Landscape Design

Landscape design is a fine art and an independent profession, practiced by landscape professionals, blending natural culture and architecture. In modern professional practice, landscape architecture blends with garden design to produce a dynamic environment for visitors and residents.

The landscape designer’s goal is to create visually satisfying habitats and spaces that are able to withstand change, and to maximize the utilization of available resources. The resulting appearance should be that which integrates and enhances the architectural, physical, and social spaces of the site. Several dimensions of style, texture, form, and composition are key to this process.
While landscaping, landscape designers take into consideration many different factors that contribute to the success of their layouts. Among these include the basic functions of spaces, mixing and matching materials, and the integration of architectural and practical elements such as access, lighting, and sitting arrangements. Balanced spaces are aesthetically pleasing to the eye while providing accessibility. By properly integrating and balancing architectural, physical, and social settings, the end result is a functional and attractive space.

Plants are the most visible elements of a landscape and they must be selected to appropriately relate to the size, shape, texture, height, and other characteristics of each area. In order to visually relate visual elements, texture is an important factor to consider. Landscape textures can be described using various terms including clover, grass, rye, forsythia, oat, grassy, and field. Each type of texture has its own specific benefits, which include visual appeal, functionality, and maintenance.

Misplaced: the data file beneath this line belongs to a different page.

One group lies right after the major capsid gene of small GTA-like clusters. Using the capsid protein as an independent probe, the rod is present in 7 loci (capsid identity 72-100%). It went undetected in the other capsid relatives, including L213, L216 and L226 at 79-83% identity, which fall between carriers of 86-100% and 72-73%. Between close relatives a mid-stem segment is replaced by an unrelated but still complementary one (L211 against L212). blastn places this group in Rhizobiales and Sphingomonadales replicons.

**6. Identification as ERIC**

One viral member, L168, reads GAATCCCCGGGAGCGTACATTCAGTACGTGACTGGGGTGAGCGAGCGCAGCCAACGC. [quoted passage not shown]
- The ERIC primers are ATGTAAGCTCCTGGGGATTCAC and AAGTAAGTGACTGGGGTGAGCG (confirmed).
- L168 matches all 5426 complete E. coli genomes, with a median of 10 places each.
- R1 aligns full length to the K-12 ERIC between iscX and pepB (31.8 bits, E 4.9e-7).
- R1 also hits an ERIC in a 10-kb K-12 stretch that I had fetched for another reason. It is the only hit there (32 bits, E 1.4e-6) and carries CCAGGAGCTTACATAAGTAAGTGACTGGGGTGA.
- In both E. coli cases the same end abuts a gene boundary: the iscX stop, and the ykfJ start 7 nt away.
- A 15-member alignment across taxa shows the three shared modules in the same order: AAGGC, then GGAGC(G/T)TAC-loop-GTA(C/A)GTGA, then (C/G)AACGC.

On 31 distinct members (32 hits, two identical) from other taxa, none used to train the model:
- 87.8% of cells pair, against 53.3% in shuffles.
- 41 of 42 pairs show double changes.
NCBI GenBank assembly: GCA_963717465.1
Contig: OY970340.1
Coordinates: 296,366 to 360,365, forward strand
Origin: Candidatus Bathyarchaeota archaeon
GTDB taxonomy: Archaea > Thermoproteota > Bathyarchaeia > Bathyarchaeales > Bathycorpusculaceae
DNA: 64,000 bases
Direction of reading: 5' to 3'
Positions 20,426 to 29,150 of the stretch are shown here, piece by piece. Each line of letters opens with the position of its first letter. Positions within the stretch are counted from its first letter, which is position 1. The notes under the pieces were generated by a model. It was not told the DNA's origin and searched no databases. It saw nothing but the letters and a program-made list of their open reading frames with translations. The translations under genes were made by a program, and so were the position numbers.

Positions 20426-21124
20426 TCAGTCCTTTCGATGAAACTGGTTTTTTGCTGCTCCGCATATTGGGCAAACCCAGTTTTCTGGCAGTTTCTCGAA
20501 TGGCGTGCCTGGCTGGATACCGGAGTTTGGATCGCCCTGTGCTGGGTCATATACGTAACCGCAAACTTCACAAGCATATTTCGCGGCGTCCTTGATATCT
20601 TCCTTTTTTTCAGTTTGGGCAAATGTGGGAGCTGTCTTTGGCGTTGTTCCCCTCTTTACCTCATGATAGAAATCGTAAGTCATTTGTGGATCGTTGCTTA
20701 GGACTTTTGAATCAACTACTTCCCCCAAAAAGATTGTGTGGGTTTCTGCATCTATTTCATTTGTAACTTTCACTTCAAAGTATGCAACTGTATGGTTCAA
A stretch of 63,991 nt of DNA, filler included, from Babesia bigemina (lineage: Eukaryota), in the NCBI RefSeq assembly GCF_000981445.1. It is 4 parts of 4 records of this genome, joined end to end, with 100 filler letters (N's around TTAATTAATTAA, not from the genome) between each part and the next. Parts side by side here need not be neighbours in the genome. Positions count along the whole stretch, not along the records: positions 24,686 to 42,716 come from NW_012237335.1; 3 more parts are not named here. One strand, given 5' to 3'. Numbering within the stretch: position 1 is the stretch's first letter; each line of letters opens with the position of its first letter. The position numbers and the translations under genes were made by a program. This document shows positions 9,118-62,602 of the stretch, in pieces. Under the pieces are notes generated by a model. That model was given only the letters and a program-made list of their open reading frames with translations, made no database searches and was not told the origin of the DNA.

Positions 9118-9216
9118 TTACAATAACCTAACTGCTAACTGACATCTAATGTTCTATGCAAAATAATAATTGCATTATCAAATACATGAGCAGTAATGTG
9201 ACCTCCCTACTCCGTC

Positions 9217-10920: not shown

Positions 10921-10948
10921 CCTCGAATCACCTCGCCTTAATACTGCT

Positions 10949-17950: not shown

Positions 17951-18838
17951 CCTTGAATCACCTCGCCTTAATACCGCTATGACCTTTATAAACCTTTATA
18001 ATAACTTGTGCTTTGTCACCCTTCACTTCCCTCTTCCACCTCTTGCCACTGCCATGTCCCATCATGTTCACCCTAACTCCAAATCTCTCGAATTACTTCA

Forms and shapes are another common component of landscape designs. Form and shapes represent artistic ideals and basic patterns, while lines define the horizontal and vertical axes in nature. Landscape designers typically rely on formal forms and geometrical figures to provide a unique appearance. Examples of forms and shapes include tree forms, flower shapes, and geometric figures. Shapes and lines are used to imply different attributes of the landscape environment.

A third common element in landscape designs is the texture of the plant material. Texture refers to the level of roughness or cleftness, as well as how irregularly the forms are formed. Roughness and cleftness refer to the smoothness or tightness of the plant material. Inconsistent textures may not be aesthetically appealing, but can be functionally advantageous for the placement of plants, for example where there is some stress on one side of the plant due to low growing points, uneven soil, or other environmental factors. As plant material is placed in specific areas, certain types of textures may be beneficial depending on the effects desired.

If you are you in need of professional landscape design, contact us today for a free quote.

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